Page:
The Earth’s crust under Iceland is ‘rebounding’ as climate change leads to the ice caps on the island melting, according to research conducted by the University of Arizona.
The paper argues that the “current fast uplift” of the Icelandic crust is a result of accelerated melting of the island’s glaciers and coincides with warming that began around three decades ago. The scientists add that some sites in Iceland are moving upward by as much as 1.4 inches each year.
Co-author of the paper, which is set to be published in journal Geophysical Research Letters, Richard Bennett, a associate professor of geosciences at the University of Arizona, explained that geologists have long known that as glaciers melt and become lighter, the Earth rebounds.
However, whether the current rebound detected is related to past melting or modern ice loss has been in question. Bennett said, “Iceland is the first place we can say accelerated uplift means accelerated ice mass loss. What we’re observing [in Iceland] is a climatically induced change in the Earth’s surface.”
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The research team used a network of 62 global positioning satellite receivers fastened to rocks throughout Iceland to measure movement. They found that the fastest uplift was the region between several large ice caps, and the pace of uplift slowed the further the receivers were from the ice cap region.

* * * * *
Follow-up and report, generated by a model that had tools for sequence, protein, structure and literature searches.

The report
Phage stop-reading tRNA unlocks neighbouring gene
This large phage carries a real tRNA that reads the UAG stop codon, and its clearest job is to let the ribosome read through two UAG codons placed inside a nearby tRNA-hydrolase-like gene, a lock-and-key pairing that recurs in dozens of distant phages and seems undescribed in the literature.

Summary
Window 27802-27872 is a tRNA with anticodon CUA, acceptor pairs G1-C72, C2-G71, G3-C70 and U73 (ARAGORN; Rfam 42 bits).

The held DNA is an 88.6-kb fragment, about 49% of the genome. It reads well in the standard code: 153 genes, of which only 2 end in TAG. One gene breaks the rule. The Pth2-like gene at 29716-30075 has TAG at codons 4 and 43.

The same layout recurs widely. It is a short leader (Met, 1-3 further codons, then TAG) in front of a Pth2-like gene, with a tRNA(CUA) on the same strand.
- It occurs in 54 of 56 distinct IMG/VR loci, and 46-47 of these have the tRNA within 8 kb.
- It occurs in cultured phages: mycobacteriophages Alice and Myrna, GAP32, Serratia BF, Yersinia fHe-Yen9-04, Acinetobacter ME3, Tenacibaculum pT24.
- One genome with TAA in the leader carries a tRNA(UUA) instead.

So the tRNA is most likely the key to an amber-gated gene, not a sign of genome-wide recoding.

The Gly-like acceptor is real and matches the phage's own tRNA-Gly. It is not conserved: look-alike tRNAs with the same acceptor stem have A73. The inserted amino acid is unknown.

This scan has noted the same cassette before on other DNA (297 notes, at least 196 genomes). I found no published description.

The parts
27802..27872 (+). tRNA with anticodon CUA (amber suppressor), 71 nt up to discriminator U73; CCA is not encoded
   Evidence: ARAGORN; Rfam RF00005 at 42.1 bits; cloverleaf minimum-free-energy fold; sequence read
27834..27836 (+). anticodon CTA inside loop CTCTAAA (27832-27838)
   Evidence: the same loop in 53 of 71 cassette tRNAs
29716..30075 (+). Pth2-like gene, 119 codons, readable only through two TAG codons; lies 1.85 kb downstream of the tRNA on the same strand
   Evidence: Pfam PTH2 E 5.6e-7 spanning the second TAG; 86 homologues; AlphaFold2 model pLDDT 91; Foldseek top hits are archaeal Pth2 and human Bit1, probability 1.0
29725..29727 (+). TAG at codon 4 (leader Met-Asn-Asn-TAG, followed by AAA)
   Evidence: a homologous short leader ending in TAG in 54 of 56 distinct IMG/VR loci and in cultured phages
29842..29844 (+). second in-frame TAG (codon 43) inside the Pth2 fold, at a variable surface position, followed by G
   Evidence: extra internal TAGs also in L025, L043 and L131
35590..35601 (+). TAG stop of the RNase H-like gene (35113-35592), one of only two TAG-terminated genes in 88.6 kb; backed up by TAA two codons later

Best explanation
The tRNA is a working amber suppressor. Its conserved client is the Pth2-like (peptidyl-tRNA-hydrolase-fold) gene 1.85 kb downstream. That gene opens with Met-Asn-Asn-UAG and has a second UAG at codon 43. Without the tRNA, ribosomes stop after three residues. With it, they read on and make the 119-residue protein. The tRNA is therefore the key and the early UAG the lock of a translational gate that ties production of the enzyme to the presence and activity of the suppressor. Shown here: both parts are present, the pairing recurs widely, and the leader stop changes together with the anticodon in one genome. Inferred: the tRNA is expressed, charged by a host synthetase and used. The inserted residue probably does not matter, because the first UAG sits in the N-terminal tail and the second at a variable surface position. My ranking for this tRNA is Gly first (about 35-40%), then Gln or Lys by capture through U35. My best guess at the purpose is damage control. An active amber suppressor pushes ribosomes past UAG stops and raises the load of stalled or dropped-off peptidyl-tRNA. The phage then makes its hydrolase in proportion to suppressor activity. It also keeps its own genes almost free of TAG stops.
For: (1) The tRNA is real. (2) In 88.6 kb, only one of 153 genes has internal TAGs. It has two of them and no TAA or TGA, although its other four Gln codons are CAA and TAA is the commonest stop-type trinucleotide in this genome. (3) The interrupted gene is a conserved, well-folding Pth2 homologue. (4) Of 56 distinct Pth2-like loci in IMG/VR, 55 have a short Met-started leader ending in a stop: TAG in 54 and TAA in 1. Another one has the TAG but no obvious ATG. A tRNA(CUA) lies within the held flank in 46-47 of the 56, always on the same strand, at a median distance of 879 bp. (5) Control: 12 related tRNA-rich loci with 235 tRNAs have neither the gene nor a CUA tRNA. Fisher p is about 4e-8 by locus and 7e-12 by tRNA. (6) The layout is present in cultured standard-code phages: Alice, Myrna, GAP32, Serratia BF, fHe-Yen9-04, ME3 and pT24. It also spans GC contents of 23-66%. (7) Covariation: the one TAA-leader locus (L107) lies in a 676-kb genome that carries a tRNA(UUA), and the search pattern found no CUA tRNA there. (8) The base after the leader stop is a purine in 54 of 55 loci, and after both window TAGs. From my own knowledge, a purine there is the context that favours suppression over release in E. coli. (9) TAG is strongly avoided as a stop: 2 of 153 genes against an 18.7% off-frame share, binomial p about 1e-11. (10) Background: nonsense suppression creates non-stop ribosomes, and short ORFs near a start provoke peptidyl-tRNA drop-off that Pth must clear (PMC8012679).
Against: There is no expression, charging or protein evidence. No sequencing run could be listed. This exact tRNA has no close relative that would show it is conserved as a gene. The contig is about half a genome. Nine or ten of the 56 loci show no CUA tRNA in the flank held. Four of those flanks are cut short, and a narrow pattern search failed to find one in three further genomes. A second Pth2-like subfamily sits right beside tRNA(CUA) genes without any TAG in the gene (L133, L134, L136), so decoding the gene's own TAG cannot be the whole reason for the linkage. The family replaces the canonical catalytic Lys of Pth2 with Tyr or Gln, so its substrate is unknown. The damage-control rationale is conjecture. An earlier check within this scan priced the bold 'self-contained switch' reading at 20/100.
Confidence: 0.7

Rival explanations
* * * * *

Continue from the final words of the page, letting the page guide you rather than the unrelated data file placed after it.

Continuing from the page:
Other research measuring ice loss noted an uptick in the rate of melting ice since 1995, with temperature records showing increases since 1980. Using models of ice loss also suggested that glaciers had to be melting faster and faster to cause the uplift.
Author of the study Kathleen Compton, a University of Arizona geosciences doctoral candidate, added, “There’s no way to explain that accelerated uplift unless the glacier is disappearing at an accelerated rate. Our hope is we can use the current GPS measurements of uplift to more easily quantify ice loss.”
Photo: Börkur Sigurbjörnsson via Flickr